Working Paper 14 from the BASIC Research programme is authored by Rachel Slater and entitled ‘Sustaining Existing Social Protection Programmes During Crises: What Do We Know? How Can We Know More?’
The paper explores our understanding of the ways in which existing programmes can be sustained during crises to ensure that households that were already poor and vulnerable before a crisis continue to be supported. Literature in this area does not address conflict-affected crises.
The paper concludes that a better understanding of when, where and how existing programmes can be sustained during situations of violent conflict will help to ensure that poor and vulnerable households can be supported – either through government programmes or by enabling robust diagnosis of when efforts to sustaining existing programmes will be inadequate and an additional, external responses are required.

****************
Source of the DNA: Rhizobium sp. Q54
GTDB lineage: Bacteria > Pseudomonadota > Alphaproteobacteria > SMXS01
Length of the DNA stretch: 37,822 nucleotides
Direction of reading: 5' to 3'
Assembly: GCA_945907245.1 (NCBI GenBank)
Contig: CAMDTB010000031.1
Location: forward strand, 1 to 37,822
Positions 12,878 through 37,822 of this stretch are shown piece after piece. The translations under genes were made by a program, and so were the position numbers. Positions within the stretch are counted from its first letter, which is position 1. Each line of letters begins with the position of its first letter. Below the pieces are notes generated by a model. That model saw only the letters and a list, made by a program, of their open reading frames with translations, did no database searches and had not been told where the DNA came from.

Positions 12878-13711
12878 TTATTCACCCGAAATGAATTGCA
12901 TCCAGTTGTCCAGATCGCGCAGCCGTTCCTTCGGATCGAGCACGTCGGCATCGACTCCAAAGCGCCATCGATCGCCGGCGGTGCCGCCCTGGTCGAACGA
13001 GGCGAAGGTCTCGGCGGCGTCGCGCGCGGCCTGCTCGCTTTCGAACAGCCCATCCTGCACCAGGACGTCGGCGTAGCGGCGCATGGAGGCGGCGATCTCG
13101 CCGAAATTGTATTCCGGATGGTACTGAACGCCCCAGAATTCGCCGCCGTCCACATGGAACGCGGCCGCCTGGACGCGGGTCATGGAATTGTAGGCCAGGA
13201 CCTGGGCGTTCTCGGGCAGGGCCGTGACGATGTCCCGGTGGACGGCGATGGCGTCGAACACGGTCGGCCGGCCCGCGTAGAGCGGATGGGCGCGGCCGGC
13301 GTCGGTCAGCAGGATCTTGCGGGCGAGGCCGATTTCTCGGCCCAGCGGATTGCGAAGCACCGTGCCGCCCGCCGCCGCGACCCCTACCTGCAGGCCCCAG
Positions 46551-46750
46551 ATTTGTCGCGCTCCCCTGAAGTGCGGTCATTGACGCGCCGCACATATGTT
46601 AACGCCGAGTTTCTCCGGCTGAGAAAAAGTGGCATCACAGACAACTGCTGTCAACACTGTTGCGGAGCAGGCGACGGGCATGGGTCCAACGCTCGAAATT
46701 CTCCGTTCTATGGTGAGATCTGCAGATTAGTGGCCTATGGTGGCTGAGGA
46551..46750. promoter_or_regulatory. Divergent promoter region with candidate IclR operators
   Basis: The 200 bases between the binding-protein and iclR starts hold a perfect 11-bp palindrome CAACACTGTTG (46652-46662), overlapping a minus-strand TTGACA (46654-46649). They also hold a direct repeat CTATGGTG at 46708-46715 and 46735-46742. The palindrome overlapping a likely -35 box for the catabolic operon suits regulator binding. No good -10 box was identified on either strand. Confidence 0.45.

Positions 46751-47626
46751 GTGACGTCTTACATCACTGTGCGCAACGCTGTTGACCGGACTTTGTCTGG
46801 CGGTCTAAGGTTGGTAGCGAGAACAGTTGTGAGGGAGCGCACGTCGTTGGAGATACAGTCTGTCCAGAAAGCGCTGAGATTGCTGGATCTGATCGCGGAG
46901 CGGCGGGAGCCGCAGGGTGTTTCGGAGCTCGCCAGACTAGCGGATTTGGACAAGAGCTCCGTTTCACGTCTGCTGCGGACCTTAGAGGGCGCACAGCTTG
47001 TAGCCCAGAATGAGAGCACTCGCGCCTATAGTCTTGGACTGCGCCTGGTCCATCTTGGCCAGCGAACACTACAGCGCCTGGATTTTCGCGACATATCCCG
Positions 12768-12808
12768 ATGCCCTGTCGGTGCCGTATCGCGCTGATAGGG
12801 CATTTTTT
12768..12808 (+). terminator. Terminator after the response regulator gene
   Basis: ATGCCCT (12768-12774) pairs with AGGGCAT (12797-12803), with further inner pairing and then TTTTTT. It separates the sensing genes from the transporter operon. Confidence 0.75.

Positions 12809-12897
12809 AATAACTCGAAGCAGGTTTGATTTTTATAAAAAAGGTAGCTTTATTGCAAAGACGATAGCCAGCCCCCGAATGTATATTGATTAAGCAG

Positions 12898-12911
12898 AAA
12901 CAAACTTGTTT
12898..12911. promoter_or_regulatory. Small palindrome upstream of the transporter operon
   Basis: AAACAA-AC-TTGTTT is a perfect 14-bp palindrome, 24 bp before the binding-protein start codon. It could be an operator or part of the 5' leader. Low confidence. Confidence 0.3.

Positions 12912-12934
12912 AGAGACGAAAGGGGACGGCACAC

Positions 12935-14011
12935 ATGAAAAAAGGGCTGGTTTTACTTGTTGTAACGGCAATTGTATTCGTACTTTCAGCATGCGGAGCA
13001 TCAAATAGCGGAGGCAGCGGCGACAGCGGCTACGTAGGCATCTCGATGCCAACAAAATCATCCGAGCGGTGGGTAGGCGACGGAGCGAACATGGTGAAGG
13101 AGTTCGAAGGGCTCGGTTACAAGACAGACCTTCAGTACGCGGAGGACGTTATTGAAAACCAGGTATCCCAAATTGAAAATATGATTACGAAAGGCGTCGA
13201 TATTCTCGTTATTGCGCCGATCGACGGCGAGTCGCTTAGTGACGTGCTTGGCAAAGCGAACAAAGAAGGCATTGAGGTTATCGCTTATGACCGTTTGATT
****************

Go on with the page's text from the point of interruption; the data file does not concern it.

BASIC (Better Assistance in Crises) Research is a Foreign, Commonwealth and Development Office funded programme examining why, how and when to use social protection approaches in different crisis contexts, to deliver more effective social assistance so that vulnerable people cope better with crises and meet their basic needs. BASIC Research is led by the Institute of Development Studies (IDS) together with the School of Global Studies at the University of Sussex, and the Centre for International Development and Training (CIDT) at the University of Wolverhampton, working with an assortment of partners across 11 countries affected by protracted crisis.